“Though we handle millions of dollars in a single transaction in the upper size ranges, our roots are grounded in the early days of childhood, where a 30-foot, custom-built cypress, juniper and oak vessel was built by a single artisan, perhaps with an occasional assistant,” says Marlow.

“The concepts of understanding each and every part of the final equation and perhaps developing a more keen eye and a better blending of talents and processes cannot be found in a single-task factory operation where a man or woman diligently performs a similar task each and every day,” he says. “The team member who has a grasp of the larger picture is, in our opinion, far more cognizant of his or her contribution and how it may affect the final result. It is the composite that is presented to the potential buyer, and the more each team member understands what is within the bouillabaisse, the finer the soup.”

Marlow built his first boat at age 12 from roofing tin that had blown off chicken coops during a tropical storm. He carefully bent and hammered sheets of tin around pieces of swamp wood. For caulking, he used bamboo fiber mixed with southern yellow pine sap gathered by scarring the tree and nailing a tin cup to it. “Though simple, I knew each of the strengths and weaknesses of my materials and how they interacted,” he says. “It is a similar, though far more complex, manufacturing style at Marlow Yachts, one that encourages thought and pride for the part the individual played in the final product. It is a process intended to evoke pride of authorship in every person involved. I believe that production efficiencies can be further improved if each team member is aware of the end goal and the pathway to it.”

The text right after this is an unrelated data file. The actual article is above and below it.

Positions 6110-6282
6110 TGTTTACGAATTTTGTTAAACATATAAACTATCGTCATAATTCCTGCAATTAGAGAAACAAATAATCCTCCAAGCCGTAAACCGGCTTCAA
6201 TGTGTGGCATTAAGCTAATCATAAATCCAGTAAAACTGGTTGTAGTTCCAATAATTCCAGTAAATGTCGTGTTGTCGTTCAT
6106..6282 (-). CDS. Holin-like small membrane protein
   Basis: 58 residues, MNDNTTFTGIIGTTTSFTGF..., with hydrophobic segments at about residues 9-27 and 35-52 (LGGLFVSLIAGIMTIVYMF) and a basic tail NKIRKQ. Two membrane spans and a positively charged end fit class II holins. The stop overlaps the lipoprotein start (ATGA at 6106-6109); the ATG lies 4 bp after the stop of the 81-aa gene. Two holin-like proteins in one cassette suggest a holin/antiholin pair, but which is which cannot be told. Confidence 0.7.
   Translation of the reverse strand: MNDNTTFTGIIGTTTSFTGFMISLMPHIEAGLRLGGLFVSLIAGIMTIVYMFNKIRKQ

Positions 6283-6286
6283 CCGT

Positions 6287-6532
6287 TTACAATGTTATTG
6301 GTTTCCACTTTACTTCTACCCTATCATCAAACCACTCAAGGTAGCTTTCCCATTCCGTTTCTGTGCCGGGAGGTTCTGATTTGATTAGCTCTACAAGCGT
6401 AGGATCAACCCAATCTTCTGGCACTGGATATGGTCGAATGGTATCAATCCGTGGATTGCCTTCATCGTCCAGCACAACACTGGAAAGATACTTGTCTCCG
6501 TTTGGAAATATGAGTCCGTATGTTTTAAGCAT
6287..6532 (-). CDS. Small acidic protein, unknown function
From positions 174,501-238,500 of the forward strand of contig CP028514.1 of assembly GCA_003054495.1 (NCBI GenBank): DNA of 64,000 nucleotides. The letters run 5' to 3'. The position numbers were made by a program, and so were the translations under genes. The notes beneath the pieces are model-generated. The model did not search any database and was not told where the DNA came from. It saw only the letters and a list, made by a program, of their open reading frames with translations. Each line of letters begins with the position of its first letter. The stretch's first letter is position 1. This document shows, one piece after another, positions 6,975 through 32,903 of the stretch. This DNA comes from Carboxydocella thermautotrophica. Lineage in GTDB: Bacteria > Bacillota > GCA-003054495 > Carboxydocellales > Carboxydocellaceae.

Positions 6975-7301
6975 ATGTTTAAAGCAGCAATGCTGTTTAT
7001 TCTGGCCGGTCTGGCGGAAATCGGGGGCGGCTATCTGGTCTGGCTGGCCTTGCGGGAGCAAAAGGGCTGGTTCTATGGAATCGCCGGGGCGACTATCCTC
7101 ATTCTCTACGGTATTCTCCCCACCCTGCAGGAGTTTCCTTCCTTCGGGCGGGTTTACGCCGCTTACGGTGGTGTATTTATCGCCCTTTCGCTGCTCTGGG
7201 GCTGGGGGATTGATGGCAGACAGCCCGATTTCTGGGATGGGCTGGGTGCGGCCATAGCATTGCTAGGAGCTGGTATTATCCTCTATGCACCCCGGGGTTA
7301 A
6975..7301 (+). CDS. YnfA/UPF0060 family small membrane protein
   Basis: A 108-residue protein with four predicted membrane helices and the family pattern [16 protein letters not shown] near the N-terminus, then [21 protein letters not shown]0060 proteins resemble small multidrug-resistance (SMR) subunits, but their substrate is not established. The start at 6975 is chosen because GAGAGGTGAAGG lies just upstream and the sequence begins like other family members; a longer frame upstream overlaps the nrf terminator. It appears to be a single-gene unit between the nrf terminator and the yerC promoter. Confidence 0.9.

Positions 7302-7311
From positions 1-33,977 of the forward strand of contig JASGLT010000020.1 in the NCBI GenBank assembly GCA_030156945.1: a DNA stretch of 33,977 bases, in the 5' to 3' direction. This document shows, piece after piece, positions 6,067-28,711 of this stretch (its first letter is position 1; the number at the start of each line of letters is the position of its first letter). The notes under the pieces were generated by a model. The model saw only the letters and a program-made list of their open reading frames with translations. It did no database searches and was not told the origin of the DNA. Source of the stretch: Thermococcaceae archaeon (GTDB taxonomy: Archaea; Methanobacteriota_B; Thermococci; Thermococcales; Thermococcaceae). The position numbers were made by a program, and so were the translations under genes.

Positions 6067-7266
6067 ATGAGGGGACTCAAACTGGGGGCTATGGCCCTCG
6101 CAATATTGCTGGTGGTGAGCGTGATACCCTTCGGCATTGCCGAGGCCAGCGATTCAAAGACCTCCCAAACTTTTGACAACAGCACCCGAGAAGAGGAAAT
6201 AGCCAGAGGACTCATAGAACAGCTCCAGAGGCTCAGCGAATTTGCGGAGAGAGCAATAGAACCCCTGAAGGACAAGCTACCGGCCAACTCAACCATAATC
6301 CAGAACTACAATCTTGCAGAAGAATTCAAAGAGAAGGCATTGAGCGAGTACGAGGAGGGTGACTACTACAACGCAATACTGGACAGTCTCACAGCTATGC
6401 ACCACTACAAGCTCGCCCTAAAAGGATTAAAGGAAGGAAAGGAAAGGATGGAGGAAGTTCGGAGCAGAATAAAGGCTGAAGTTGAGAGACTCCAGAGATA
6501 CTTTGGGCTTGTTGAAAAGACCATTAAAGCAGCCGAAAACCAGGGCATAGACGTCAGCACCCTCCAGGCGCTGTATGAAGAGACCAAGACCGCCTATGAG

The Asia factory

Responding to concerns that the Hunter and Mainship brands will be built in China, Marlow says operating on a global scale is the only option, but that he plans to keep production at both his Asia and Miami facilities, as well as the Alachua plant that has always housed Hunter.

The vertically integrated Asia factory has begun to supply specialized materials to other manufacturers, Marlow says. The 300-plus members of the work force there are cross-trained, and more than 75 percent of them have remained since the factory was built in 2002. “In fact, many of them helped with the construction, the majority of it done by our own hands to our own design using a large amount of local materials, such as granite, native hardwoods, etc.,” Marlow says. “The construction features yacht-quality office furniture, cabinetry, granite floors, granite enclosure walls, and engineering of hand-built steel and concrete beams to act in concert as structural support and a tool for the factory operations.”